Jay Apt is a Professor at Carnegie Mellon University’s Tepper School of Business and in the CMU Department of Engineering and Public Policy. He is the Co-Director of the Carnegie Mellon Electricity Industry Center and Director of the RenewElec (renewable electricity) project. He has authored over 90 papers in peer-reviewed scientific journals as well as two books and several book chapters. He has published op-ed pieces in the Wall Street Journal, the New York Times and the Washington Post. Professor Apt received an A.B. in physics from Harvard College in 1971 and a Ph.D. in physics from the Massachusetts Institute of Technology in 1976. He is a Fellow of the American Association for the Advancement of Science. He received the NASA Distinguished Service Medal in 1997 and the Metcalf Lifetime Achievement Award for significant contributions to engineering in 2002.
Inês Lima Azevedo is Associate Professor in the Department of Engineering and Public Policy at Carnegie Mellon University. She is co-PI and the co-Director for the Climate and Energy Decision Making Center. She has a B.Sc. in Environmental Engineering (2004) and a MSc in Engineering Policy and Management of Technology from IST-Portugal, and a PhD in Engineering and Public Policy from Carnegie Mellon University (2009). Dr. Azevedo’s research interests lie at the intersection of environmental, technical and economic issues, such as how to address the challenge of climate change and to move towards a more sustainable energy system. She addresses complex problems in which traditional engineering plays an important role but cannot provide a complete answer. She has participated in several National Research Council committee reports from the U.S. National Academies of Sciences.
Stefan Bernhard started his chemistry career as a laboratory technician with Chocolat Tobler, which was followed by a degree in chemical engineering from the Ingenieurschule Burgdorf. Further endeavours, under Prof. Peter Belser at the Université de Fribourg, were rewarded with a diploma and a PhD in chemistry. These primarily synthetic studies were complemented by a laser spectroscopy project at Los Alamos National Laboratory with Dr Jon Schoonover and time in the Abruña group at Cornell University focused on electrochemistry. Stefan Bernhard’s faculty appointment at Princeton University explored luminescent metal complexes for optoelectronic and solar conversion applications. He moved to Carnegie Mellon University in July 2009 where he was just promoted to the rank of Professor.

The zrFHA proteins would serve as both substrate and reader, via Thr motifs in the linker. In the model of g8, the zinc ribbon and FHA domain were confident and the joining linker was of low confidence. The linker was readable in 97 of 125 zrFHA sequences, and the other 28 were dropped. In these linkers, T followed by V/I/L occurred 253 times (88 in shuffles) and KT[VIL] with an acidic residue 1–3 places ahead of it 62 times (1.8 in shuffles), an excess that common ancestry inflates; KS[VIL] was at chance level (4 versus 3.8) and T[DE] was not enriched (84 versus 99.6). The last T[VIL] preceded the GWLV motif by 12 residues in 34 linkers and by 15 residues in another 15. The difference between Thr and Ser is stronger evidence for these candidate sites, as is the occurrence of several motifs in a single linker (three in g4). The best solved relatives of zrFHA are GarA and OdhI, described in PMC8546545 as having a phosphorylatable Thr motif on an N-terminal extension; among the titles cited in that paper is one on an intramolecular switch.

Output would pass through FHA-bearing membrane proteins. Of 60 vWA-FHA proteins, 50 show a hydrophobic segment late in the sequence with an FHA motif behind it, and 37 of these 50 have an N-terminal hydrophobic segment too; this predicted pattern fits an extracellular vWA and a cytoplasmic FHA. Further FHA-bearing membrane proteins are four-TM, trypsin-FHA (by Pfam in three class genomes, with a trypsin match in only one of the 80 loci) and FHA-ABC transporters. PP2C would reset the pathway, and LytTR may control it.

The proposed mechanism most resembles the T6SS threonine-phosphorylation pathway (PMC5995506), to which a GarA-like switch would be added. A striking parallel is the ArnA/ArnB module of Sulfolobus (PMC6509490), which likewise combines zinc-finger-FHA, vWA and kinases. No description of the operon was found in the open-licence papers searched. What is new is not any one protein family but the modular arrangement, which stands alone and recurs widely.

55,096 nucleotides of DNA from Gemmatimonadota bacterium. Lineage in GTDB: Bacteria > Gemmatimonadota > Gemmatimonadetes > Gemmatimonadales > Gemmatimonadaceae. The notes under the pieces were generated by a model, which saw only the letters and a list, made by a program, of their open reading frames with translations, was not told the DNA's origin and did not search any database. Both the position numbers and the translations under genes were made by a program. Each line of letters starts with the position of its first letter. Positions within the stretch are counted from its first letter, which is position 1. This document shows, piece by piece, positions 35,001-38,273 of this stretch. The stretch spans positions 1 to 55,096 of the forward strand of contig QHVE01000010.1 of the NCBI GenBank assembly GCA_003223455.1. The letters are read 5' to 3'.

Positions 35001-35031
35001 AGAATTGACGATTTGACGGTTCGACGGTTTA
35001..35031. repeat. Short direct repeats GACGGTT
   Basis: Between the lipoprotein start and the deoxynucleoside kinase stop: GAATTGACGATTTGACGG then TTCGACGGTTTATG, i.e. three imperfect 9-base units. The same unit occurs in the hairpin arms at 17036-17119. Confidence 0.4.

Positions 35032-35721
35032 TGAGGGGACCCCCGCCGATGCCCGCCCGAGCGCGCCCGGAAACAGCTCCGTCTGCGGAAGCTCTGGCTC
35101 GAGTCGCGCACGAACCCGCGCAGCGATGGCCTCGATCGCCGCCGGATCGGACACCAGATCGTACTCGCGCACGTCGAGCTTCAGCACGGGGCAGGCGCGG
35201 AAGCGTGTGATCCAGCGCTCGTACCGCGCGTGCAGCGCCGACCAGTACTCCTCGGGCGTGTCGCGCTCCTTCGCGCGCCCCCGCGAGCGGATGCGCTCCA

Karen Clay is an Associated Professor of Economics and Public Policy in the H. John Heinz III College at Carnegie Mellon University. Her recent research addresses: energy transitions; climate change; the health effects of pollution including lead in drinking water, airborne particulate pollution, airborne lead pollution, and the interaction of pollution and infectious disease; and the health and productivity effects of environmental regulation. Dr. Clay is a member of the National Bureau of Economic Research and the Scott Institute at Carnegie Mellon. She holds a BA from University of Virginia (1988), where she majored in economics and mathematics, and a Ph.D. in economics from Stanford University (1994).
Dr. Jared Cohon is the former President of Carnegie Mellon University and Director of the Scott Institute for Energy Innovation. He is a University Professor in the Department of Civil and Environmental Engineering and the Department of Engineering and Public Policy at the university and serves on the boards of several companies and nonprofit organizations. He is the Co-chair of the Commission to Review and Evaluate the National Energy Laboratories.
After becoming president of Carnegie Mellon University in 1997, Jared L. Cohon guided all of the university’s global expansion efforts, and successfully led the university on a variety of fronts, including diversity, technology, international education, and economic development in southwest Pennsylvania.
An author, coauthor, or editor of one book and more than 80 professional publications, Cohon is an expert on environmental and water resource systems analysis, an interdisciplinary field that combines engineering, economics, and applied mathematics. He has worked on water resource problems in the United States, South America, and Asia and on energy facility siting, including nuclear waste shipping and storage.